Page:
Letâ€™s first decide where every box should be in the end. Start out by deciding that 1 should be placed on x_{12}.

\begin{bmatrix} x_{11} & 1 & x_{13} & x_{14} \\ x_{21} & x_{22} & x_{23} & x_{24} \\ x_{31} & x_{32} & x_{33} & x_{34} \\ x_{41} & x_{42} & x_{43} & x_{44} \end{bmatrix}

Now what is left of the input is 11,7,9,3,4,5,6,10,13,8,14,2,12,15. My next goal is to find x_{13} which should be the smallest out of x_{13},x_{23},x_{33},x_{43},x_{14},x_{24},x_{34},x_{44}. Out of the first eight boxes, we have that 3 is the smallest box. So lets place 3 on on x_{13}.

\begin{bmatrix} x_{11} & 1 & 3 & x_{14} \\ x_{21} & x_{22} & x_{23} & x_{24} \\ x_{31} & x_{32} & x_{33} & x_{34} \\ x_{41} & x_{42} & x_{43} & x_{44} \end{bmatrix}

What is left of the input is 11,7,9,4,5,6,10,13,8,14,2,12,15. Letâ€™s now find x_{14} which should be the smallest of x_{14},x_{24},x_{34},x_{44}. Out of the first four boxes, 4 is the smallest box. So

\begin{bmatrix} x_{11} & 1 & 3 & 4 \\ x_{21} & x_{22} & x_{23} & x_{24} \\ x_{31} & x_{32} & x_{33} & x_{34} \\ x_{41} & x_{42} & x_{43} & x_{44} \end{bmatrix}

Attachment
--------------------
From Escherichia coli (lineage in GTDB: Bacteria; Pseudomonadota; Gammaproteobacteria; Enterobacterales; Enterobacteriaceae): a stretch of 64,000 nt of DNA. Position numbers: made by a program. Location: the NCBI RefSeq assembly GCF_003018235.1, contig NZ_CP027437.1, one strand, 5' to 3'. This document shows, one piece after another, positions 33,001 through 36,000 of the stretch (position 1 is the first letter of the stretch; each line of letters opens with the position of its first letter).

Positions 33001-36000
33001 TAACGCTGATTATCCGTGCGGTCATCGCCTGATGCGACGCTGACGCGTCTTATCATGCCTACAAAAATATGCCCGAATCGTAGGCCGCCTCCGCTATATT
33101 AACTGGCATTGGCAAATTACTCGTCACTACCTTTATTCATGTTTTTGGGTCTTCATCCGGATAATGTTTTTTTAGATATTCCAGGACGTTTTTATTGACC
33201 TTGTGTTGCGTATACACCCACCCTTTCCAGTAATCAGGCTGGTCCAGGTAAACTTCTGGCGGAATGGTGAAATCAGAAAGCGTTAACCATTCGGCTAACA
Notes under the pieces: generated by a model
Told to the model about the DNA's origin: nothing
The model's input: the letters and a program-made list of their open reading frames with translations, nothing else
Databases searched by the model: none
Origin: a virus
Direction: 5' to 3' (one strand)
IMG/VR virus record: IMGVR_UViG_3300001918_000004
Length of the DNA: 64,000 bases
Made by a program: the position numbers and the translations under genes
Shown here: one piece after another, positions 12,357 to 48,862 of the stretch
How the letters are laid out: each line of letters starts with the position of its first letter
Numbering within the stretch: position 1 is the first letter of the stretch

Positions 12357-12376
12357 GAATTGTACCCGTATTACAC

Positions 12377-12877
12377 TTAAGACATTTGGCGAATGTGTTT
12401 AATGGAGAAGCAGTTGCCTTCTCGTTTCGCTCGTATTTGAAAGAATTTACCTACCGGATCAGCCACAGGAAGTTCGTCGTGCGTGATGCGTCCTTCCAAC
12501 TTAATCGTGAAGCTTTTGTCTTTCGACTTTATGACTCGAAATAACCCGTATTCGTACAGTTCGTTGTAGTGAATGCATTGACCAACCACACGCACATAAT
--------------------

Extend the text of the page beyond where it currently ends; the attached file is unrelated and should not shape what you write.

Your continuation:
We are left with 11,7,9,5,6,10,13,8,14,2,12,15. Now take them 3 at a time and put them in a sorted order against the right side.

\begin{bmatrix} x_{11} & 1 & 3 & 4 \\ x_{21} & x_{22} & 5 & 7 \\ x_{31} & x_{32} & 6 & 9 \\ x_{41} & x_{42} & 10 & 11 \end{bmatrix}

We are left with 13,8,14,2,12,15. So we are done with everything but the last 2 columns. Iâ€™m not going to go into detail of how to do the last part but we end up with.

\begin{bmatrix} x_{11} & 1 & 3 & 4 \\ 15 & 2 & 5 & 7 \\ 12 & 8 & 6 & 9 \\ 14 & 13 & 10 & 11 \end{bmatrix}

Some last things to note:
This matrix only shows where I want to put every box, but for the first row there can be a problem as the boxes may not turn up in the input in the correct order (for example if 3 comes before 4). This can be solved by only allowing a box to be placed on x_{i,j} if the box to the right of it has been placed, otherwise temporarily store the box somewhere that it is not in the way, x_{i+1,j-1} happens to work fine for this.

Also note that sometimes it is not possible to end up with such a nice first column as it can happen that x_{i,1} \lt x_{i,2}. That didnâ€™t happen this time, however it is always possible to make the second column sorted and having that x_{i+1,1} \gt x_{i,2}.

This is a pretty nice strategy as it only uses at most O(R+C) characters more than the optimal solution.

5 Likes